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Editing Advice - Live Theater Recording

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Coleman McPherson
Editing Advice - Live Theater Recording
on Dec 10, 2016 at 3:11:03 am

Hey ya'll,

So working on a freelance editing job and having some difficulty. Basically I'm cutting together film of a live theater performance. Pretty straightforward: it was a multi-cam setup with four static shots set up but, ironically, I've found that I wasn't given sufficient coverage to work with. Basically of the four shots, only two are consistent the whole way through. Basically a have a wide of stage left and a medium shot facing straight ahead and those are the two shots that I've been reliant on. I have one extreme wide shot from the back of the venue but it only starts about a third of the way through the production; I have no footage from that angle whatsoever for the beginning of the production. And lastly, I have a few medium shots from stage left.

What I'm wondering is how to create something that feels natural with limited footage? Because thusfar, I have the entire show watchable from start to finish but to me, it feels choppy as I haven't been able to think of a natural way to to cut between these different angles and also how to introduce these completely new shots after being completely reliant on only two for the third of it's runtime. My current philosophy has been to use the medium shot for the dialogue which takes place on the stage (it's a small stage so I can basically fit all of the actors comfortably in frame at most parts) but then when the main character addresses the audience through narration (the play is like a noir detective story) I pull back out to my master wide shot. But this has lead to long stretches where I'm stuck on one shot.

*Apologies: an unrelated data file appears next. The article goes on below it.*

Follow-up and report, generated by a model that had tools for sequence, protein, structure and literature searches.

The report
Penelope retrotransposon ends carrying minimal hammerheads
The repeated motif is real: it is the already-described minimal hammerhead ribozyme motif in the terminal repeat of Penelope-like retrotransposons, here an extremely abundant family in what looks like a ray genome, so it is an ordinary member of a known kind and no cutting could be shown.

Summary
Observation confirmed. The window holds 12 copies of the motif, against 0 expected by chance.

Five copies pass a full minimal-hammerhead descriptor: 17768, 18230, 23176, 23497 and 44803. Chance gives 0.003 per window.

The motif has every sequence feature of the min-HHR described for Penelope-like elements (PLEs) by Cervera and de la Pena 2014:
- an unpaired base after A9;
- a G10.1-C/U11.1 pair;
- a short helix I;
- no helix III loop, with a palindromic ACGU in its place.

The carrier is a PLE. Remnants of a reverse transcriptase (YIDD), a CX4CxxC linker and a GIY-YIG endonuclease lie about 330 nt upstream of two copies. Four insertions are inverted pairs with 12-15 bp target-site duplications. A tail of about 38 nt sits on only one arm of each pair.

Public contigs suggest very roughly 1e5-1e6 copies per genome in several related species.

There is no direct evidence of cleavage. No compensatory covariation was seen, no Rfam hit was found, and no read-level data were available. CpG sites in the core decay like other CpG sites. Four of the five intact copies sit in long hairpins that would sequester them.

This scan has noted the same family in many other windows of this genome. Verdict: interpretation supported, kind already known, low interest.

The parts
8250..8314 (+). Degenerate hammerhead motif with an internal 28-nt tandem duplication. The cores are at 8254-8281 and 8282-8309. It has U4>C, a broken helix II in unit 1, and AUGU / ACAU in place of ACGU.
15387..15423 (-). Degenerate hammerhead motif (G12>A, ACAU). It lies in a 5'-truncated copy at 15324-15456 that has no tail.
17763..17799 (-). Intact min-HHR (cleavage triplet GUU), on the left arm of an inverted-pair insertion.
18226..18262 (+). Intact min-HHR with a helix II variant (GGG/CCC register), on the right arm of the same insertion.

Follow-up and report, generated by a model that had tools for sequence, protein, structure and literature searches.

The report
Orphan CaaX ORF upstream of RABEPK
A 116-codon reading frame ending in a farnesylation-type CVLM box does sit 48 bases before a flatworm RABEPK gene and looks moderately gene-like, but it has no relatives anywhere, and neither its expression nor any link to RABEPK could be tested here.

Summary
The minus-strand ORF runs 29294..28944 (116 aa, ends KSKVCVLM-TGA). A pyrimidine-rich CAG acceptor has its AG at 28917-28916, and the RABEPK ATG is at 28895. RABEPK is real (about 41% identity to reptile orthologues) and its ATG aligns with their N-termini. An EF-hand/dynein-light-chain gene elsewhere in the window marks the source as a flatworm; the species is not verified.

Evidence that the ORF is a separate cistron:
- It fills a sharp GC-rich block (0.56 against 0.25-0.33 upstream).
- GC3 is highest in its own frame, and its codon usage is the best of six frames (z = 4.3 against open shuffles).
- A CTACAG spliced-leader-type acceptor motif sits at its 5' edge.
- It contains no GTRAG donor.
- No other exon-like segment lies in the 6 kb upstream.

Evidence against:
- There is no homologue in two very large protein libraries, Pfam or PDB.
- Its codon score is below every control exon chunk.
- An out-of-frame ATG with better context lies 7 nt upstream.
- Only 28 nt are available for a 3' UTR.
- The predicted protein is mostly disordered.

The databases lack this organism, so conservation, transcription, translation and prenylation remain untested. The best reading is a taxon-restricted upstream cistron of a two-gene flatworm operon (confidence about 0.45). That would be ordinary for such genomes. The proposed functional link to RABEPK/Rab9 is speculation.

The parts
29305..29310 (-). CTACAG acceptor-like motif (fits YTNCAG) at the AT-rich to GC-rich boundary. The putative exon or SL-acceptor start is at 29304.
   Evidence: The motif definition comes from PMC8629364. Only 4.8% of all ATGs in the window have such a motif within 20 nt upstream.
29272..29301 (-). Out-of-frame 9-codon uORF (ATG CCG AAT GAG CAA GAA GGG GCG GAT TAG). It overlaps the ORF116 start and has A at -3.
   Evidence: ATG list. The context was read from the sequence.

Some more details; there is basically no stage action to follow with the exception of two musical numbers and one scene where they chase a character throughout the venue; that's where I'm trying to utilize the the neglected shots. The rest of the "play" (and I use that term loosely) is treated as like an old-timey radio show from the 1940s. So the actors are literally just standing up there and reading their lines from the script into microphones.

So thoughts?

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Bill Davis
Re: Editing Advice - Live Theater Recording
on Dec 10, 2016 at 7:11:26 pm

My key questions would be-

What cameras?
What formats are they shooting at what resolution?
And what's your deliverable resolution?

I'd start there because if you have high-ish Rez capture and something like "watchable on-line" deliverables - you might be able to get away with some "virtual angles" by pushing in on the existing shots as appropriate.

If so, then I'd look at the whole program with fresh eyes asking one question of myself.
"Who's talking now and how can I get as close as practical in order to best show them?"

Initial pass to do that. Fill in with the wider group stuff.

My 2 cents.

Good luck.

Creator of XinTwo -
The shortest path to FCP X mastery.

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Coleman McPherson
Re: Editing Advice - Live Theater Recording
on Dec 10, 2016 at 8:51:08 pm